A clock is started in a woman’s body when her pregnancy begins, says Eleni Sikelianos: that of the unborn body which begins to “converse” with the “external body” of the mother.
“the baby in the body-clock”
The world is time, all life growth experiences are time
“whatever the dimensions in which a body grows, it grows or atrophies in time”
“L’horloge au corps” by Eleni Sikelianos can be read as the sensory experience of the embedding of these clocks, in both directions of space, towards the infinitely large or the infinitely small, just like the baby is embedded in the body of the mother. The organs the parts of the body, lung, heart, tibia, iliac bone, vertebrae, dialogue, stop or start time, define it and measure it.
“Time was the question”
The book, the poem itself participate in this temporal cascade. Eleni Sikelianos uses image and text to create experiences related to what her body experiences in the suspended time of gestation. The book does not present itself, therefore, as opposed to, or even separated from, the world, but as playing its part in this totality, with all the discrepancies undergone or sought.
At the other end of the chain, the body of the mother, the baby – the bodies of the mothers and the babies – dance a round with the terrestrial globe, all on the same scale in one of the drawings which participate with the text, in book economy. L’horloge au corps must indeed be read as a work placed under the sign of knowledge, where text, sketches, notes, drafts, plans, ideas thrown on the page serve as a poetic matrix. The drawing is not an illustration of the text, nor the text commentary on the drawing. Each in its place creates a space where the imagination can unfold. The acts of writing and reading give a time reference (why not to a “performance” type approach?)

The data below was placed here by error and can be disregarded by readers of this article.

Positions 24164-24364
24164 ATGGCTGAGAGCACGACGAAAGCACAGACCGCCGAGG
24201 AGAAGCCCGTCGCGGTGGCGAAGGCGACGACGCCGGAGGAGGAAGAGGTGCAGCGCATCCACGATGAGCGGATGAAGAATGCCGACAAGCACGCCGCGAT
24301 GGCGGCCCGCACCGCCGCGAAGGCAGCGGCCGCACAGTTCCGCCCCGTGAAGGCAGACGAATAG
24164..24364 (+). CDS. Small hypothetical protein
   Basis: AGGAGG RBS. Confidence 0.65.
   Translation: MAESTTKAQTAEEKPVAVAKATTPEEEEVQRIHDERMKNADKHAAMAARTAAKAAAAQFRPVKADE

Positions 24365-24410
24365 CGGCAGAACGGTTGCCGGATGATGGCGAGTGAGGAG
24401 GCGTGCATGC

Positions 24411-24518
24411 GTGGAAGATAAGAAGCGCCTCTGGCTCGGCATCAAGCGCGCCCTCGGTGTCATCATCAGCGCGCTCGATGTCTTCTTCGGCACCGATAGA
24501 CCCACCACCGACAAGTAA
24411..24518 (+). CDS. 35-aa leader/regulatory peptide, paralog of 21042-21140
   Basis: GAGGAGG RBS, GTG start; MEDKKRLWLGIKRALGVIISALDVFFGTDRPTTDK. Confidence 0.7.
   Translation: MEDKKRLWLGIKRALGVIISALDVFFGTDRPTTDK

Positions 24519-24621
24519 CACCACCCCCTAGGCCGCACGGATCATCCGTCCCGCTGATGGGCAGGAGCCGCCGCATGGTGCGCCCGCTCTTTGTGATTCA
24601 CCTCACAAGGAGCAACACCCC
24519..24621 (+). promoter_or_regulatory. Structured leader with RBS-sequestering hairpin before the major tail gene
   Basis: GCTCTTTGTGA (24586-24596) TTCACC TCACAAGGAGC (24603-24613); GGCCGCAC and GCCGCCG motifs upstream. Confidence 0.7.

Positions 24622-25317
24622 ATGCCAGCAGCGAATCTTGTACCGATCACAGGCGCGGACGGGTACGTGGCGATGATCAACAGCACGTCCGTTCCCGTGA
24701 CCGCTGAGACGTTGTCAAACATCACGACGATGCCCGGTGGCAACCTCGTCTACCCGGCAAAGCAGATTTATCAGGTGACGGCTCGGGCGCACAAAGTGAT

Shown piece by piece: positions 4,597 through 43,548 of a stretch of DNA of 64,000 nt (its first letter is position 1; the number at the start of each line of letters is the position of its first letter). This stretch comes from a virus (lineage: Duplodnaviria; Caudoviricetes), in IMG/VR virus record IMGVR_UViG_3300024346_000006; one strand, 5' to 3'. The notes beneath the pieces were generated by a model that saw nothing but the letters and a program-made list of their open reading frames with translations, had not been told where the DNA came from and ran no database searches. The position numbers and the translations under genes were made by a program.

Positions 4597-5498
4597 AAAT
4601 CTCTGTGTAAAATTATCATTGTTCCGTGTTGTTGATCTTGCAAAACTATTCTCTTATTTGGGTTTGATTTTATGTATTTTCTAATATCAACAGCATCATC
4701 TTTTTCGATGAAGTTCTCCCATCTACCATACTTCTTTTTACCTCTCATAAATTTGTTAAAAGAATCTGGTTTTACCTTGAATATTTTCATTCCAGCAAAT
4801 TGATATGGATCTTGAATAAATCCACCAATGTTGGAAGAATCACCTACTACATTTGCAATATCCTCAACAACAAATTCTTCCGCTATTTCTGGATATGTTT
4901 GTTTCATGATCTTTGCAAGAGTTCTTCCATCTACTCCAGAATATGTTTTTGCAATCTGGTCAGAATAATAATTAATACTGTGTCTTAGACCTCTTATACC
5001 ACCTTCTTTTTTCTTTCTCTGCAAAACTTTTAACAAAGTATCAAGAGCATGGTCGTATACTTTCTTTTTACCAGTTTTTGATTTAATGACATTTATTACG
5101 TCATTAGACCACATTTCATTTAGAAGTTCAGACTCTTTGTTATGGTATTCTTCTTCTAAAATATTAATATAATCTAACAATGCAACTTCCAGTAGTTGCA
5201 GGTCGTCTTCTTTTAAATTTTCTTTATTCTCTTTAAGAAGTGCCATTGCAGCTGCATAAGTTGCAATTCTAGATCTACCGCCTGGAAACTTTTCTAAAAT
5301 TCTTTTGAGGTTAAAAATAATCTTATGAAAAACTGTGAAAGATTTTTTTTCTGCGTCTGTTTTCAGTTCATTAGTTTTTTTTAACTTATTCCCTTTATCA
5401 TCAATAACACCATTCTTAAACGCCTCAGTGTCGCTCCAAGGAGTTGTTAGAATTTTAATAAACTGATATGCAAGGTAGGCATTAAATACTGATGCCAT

So it is with the “minute” whose design, a circle filled with dots representing the seconds, and whose termination time is measured.
Drawing a “good-fat-meaty minute” can take only 31 seconds, and one can “speeding up and slowing down” draw “a minute that takes a minute.” So it is from the microcosm to the macrocosm.
“The Earth shows us how
a minute is round as is an hour, a day
Since it is round, we inevitably return to ourselves”
The growth of the baby in the body of the mother, a unique experience, is a universal phenomenon, not only in the gestation of humans, even of mammals, but depends on general laws of development. The scientific imagination of L’horloge au corps is anchored on a famous zoological treatise by D’Arcy Wentworth Thompson, Form and Growth, which shows how in the development of individuals – healthy or sick – as in the evolution of species time leads living beings to occupy the possible spaces of forms that are preserved and modified, inducing a paradoxical dialectic between the recognizable invariant and the surprise of the new.
“the black and white scanner of the
disturbed boy’s brain
shimmers on the monitor
between muscle & tendon, tendon and brain
The little boy’s eye, and his brain.
Whatever the body the size of the eye is almost the same”
The mother-child couple being at the very heart:
“As it grows from me to it it is a field of symmetry”
Eleni Sikelianos thus undertakes, from the desire to make the personal account of the arrival of a child a universal story, not only in the sense that it can be shared by all. She connects her experience to the universe, from the atom to the gene and from the body to the cosmos in a work “cosmographikos universalis”
This is where lies the fascination that seizes the reader when faced with this book, which passes without transition from the reminder of scientific observation, never neutral, to the most intimate event. Dreams, daily details, nothing that remains abstract or cerebral.
“suspended in the dream like the mirrors of a day the familiar objects
one day: flat
with blue border, baby bootie
trimmed with a ribbon,
objects, more magnificent on the oilcloth of the dream, background on which all the things of the day could pass
hypothetical and new as if we were re-making an alphabet
: yellow oilskins to serve
of A and E – vowels if
radiant that they are waterproof »
The Body Clock is exciting enough to be read in one go and substantial enough to take the time to live with it a bit, like the books you know you’re going to love.